Budget 2019 supports lifelong learning, but mostly leaves innovation aside

This op-ed was originally published on the Canadian Science Policy Centre website.


From the get-go, Budget 2019 was introduced by Finance Minister Bill Morneau as a “skills budget” and indeed it delivered a wide range of measures aimed at supporting access to education and lifelong learning. For colleges and institutes this was an important step towards adopting a more coherent national strategy for skills development, which is critically important to prepare Canadians for the future of work. On the innovation front however, which is equally important to Canada’s future prosperity, this budget contained few new measures for colleges and institutes.

The government’s latest budget introduced several promising initiatives for Canadian learners, such as the Canada Training Benefit, the expansion of work-integrated learning opportunities, a new outbound student mobility program and additional support for Indigenous learners. These will all help Canadians acquire the skills they need to enter the workplace with confidence and update their skills to be more resilient in the face of disruption.

Collaboration between all stakeholders, including post-secondary education providers, government and industry was also a strong theme across this budget, as supporting lifelong learning is critical to all sectors of the economy. Colleges and institutes have a long history of success in this space. Our members work at the nexus between industry and the skills requirements of Canadians, with employers involved in curriculum development and applied research projects. Leveraging these relationships and ensuring colleges and institutes have all the tools they need to fulfill their mandate in this complex environment is critical.

However, we were also hoping to see innovation investments that support this collaboration. Despite some new funding for research in a variety of sectors where colleges and institutes may be involved in applied research, such as forestry, oil and gas, and entrepreneurship, the budget measures in this area were not nearly sufficient to meet demand.

Budget 2018’s historic investment of $140 million over five years for the Tri-Agency College and Community Innovation Program had signaled a full recognition of the distinct role that colleges and institutes play in the innovation ecosystem. However, to fully capitalize on colleges and institutes’ ability to accelerate growth and competitiveness, the essential next step is providing predictable, stable research support funding for applied research offices. Unfortunately, Budget 2019 did nothing to address this challenge.

Our members across the country were hoping this new budget would help solidify recent gains and were asking for an annual investment of $40 million in research support funding. This would make the system more stable and enhance the ability of colleges and institutes to draw new entrants into regional innovation systems, particularly SMEs, young entrepreneurs and start-ups, and facilitate commercialization connections to other research players, including universities and government labs.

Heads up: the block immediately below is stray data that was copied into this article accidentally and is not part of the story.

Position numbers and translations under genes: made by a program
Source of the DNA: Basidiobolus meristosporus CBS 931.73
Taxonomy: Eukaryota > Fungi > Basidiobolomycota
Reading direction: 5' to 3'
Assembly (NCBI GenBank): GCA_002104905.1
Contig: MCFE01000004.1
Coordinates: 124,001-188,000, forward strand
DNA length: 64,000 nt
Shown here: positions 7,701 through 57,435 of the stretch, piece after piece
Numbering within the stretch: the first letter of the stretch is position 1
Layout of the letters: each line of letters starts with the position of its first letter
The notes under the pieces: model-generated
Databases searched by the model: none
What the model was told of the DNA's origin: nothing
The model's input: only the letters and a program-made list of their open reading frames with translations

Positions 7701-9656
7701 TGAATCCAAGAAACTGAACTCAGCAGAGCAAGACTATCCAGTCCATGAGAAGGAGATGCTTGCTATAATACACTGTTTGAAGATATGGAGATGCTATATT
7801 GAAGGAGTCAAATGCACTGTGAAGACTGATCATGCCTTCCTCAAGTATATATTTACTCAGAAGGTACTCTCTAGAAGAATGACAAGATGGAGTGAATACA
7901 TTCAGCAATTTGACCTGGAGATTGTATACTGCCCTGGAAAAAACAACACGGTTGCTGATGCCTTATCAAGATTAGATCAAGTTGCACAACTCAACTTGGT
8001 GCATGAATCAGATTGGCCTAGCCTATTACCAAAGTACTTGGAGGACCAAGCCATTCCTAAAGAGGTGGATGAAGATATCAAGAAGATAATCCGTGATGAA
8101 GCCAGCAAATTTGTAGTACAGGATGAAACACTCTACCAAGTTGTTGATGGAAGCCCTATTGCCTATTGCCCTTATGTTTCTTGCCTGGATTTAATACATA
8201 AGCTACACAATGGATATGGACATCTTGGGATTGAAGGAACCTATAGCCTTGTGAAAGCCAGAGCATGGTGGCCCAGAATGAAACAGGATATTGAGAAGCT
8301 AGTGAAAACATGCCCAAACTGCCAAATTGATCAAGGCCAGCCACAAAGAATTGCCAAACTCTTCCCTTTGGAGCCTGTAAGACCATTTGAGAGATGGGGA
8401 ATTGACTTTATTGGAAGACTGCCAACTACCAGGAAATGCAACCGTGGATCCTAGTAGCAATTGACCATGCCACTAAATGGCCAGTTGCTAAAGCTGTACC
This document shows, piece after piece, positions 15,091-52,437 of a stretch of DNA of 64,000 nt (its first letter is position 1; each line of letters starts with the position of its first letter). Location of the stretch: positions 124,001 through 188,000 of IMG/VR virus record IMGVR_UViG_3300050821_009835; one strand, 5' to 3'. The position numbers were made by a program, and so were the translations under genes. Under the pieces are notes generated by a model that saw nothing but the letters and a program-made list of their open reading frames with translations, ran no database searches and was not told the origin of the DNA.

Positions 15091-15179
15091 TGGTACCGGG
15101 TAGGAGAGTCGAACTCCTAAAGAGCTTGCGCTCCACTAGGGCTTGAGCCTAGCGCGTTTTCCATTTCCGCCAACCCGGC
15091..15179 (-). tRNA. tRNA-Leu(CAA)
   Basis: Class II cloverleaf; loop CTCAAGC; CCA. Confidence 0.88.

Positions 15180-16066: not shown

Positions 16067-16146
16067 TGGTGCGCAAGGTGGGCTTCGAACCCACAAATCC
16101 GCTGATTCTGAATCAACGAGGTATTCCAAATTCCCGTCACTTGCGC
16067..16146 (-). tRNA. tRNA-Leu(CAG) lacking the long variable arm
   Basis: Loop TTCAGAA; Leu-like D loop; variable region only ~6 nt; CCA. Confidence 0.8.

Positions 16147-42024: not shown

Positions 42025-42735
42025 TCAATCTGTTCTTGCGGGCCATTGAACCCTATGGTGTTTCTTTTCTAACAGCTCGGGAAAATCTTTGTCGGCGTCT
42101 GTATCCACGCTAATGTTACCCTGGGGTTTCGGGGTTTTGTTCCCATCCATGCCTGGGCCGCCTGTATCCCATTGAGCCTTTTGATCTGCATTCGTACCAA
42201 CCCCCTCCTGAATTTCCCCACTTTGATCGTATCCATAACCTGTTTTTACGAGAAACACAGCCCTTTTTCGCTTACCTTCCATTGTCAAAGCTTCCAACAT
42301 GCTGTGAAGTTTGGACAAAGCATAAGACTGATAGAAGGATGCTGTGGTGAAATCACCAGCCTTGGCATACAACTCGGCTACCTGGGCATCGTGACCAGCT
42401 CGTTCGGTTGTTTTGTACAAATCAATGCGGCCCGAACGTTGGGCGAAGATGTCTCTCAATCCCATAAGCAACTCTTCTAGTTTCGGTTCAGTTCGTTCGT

Even with relatively limited dollars, the research activity at Canadian colleges and institutes has had a remarkable economic impact. In 2017, colleges and institutes across Canada developed nearly 7,000 research partnerships with private, public and non-profit sector organizations, according to our research. These partnerships delivered more than 1,400 prototypes, 700 new products, 500 processes and 350 service improvements. More than 27,000 students were involved in these projects, gaining invaluable hands-on experience.

However, we are still far from reaching the full innovation potential of colleges and institutes, which requires ongoing investment in the capacity of institutions to grow their research operations while maintaining the highest standards of research excellence. It means providing resources to reach out to organizations and firms that don’t come knocking of their own accord.

Even though this need was not addressed in Budget 2019, colleges and institutes welcomed other measures that will help support innovation across the country, such as a commitment to invest $1.7 billion in access to universal high-speed internet in rural, remote and northern communities. This is infrastructure is absolutely critical to enable research and innovation in rural and remote areas where colleges and institutes are often the only institutions with local research capacity and thus the ability to drive innovation in their communities. With 95% of all Canadians living within 50 km of a college or institute location, our members are Canada’s innovation engine all across the country.

As the national voice of colleges and institutes, we will continue to press for additional research support to ensure learners and industry have access to the innovation skills and services they need to thrive and be competitive. Combined with Budget 2019’s commitment to lifelong learning, this could be a winning formula to ensure Canadians are ready to compete in a world of rapid change and technological disruption. The key is to bridge skills and innovation. With the right support, colleges and institutes are the place to do it.


Denise Amyot

President and CEO, Colleges and Institutes Canada